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Civic voice and innovation increasingly important in reshaping cities: URA chairman

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TODAY, it is the people - and not just the authorities - who are reshaping the that way cities are run.

TODAY, it is the people - and not just the authorities - who are reshaping the that way cities are run. Governments may also not be in the best place to innovate, and should focus on faciliting innovation by installing funding incentives and flexible, innovation-friendly regulations.

These were comments by Peter Ho, chairman of the Urban Redevelopment Authority (URA), at the World Cities Summit closing plenary on Tuesday.

His views were echoed by other speakers.

Mr Ho said that in today's environment, empowered citizens can become potential agents of positive change and innovation, and solutions are no longer just in the hands of experts or city officials.

"A smart city is in a sense only limited by our imagination. We can only begin to imagine the endless possible futures that smart cities can offer to us. However, municipal governments are not necessarily structured to reach this level of imagination and boldness. Maybe it is not even their business," he said.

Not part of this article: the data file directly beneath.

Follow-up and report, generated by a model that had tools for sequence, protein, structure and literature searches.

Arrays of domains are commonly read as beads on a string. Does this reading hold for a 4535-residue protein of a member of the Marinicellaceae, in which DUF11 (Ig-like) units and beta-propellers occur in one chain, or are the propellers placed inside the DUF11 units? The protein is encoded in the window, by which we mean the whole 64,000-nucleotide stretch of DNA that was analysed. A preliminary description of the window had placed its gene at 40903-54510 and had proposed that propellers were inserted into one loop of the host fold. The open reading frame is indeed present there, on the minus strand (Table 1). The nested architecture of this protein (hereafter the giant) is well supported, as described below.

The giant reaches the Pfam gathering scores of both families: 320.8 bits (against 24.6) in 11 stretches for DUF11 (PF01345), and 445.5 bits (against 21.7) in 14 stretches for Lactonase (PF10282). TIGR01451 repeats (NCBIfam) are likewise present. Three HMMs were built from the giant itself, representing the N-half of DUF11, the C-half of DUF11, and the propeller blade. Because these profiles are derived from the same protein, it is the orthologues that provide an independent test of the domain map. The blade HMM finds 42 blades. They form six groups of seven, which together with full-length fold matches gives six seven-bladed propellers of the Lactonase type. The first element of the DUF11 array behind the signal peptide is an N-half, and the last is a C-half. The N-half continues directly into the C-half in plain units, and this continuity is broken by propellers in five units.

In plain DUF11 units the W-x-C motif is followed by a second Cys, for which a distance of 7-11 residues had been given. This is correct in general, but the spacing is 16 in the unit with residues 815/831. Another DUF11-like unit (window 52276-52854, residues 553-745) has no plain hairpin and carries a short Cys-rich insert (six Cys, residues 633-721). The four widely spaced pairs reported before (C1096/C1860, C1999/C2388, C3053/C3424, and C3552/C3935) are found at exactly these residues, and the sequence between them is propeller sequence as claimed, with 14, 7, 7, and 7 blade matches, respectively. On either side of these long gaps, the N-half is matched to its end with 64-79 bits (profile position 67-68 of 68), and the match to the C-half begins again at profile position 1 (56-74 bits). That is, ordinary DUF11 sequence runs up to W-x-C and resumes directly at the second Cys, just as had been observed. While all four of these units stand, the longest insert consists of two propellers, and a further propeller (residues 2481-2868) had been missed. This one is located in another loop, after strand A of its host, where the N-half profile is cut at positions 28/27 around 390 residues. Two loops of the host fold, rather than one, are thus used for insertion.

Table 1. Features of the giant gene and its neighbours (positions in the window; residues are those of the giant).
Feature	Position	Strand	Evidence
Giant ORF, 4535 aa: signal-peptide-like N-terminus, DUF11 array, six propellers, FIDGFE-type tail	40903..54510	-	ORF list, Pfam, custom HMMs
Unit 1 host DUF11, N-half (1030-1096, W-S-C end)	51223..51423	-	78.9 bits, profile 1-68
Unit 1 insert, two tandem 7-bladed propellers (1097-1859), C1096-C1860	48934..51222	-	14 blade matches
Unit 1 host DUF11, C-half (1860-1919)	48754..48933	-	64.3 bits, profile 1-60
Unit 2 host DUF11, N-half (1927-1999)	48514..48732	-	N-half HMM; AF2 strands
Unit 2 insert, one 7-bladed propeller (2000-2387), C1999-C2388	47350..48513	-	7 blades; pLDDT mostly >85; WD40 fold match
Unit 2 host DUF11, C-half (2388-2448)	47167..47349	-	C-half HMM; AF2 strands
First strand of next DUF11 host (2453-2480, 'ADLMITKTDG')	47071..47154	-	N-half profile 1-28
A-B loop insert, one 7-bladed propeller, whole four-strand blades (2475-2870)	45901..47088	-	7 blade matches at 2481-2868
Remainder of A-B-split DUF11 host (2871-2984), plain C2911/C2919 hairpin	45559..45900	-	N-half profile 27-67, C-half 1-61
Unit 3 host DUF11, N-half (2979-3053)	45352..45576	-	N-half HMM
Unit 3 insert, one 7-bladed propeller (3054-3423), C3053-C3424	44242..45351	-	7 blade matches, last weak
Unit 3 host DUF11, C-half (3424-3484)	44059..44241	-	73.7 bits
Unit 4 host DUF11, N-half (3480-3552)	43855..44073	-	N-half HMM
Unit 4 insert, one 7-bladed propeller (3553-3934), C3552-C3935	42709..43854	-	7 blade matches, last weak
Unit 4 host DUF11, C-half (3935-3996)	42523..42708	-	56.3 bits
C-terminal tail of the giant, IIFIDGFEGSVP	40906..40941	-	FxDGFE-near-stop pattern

"Innovation at this level is better achieved by the private sector and by individuals, people with the daring and the ideas. The cities of tomorrow can be driven by their citizens who have a greater stake in ensuring a sustainable and liveable future for their cities.

"The best cities of tomorrow would be the sum of many innovations, both big and small. Some of these innovations, because of the scale, will be the province of governments and big businesses, but many more will be the vision of citizens and small businesses."

His views were somewhat echoed by Senior Minister of State for National Development and Home Affairs, Desmond Lee, who said in his closing speech that there is an increasing voice of the people - not just through social activism - but also through social media and technology, which magnify their voice to also galvanise others to action.

"In the good old days, or in fact, in the classical principles of governance, you assume that people are rational actors, you know what policies or objectives you want, and you apply the tools of government - laws, regulations, enforcement, incentives, taxation, moral suasion, public education, campaigns, drives - to get your subjects, your people, to behave in a particular way to achieve certain objectives.

"But that is classical, that's old school. There's still some basis there. But increasingly, we see governments with the benefit of technology and outreach, getting people involved . . . and going beyond that, planting seeds or allowing seeds to grow, letting citizen activism help as part of the solution. And of course, at the highest level, working side by side to identify the problems and design the solutions."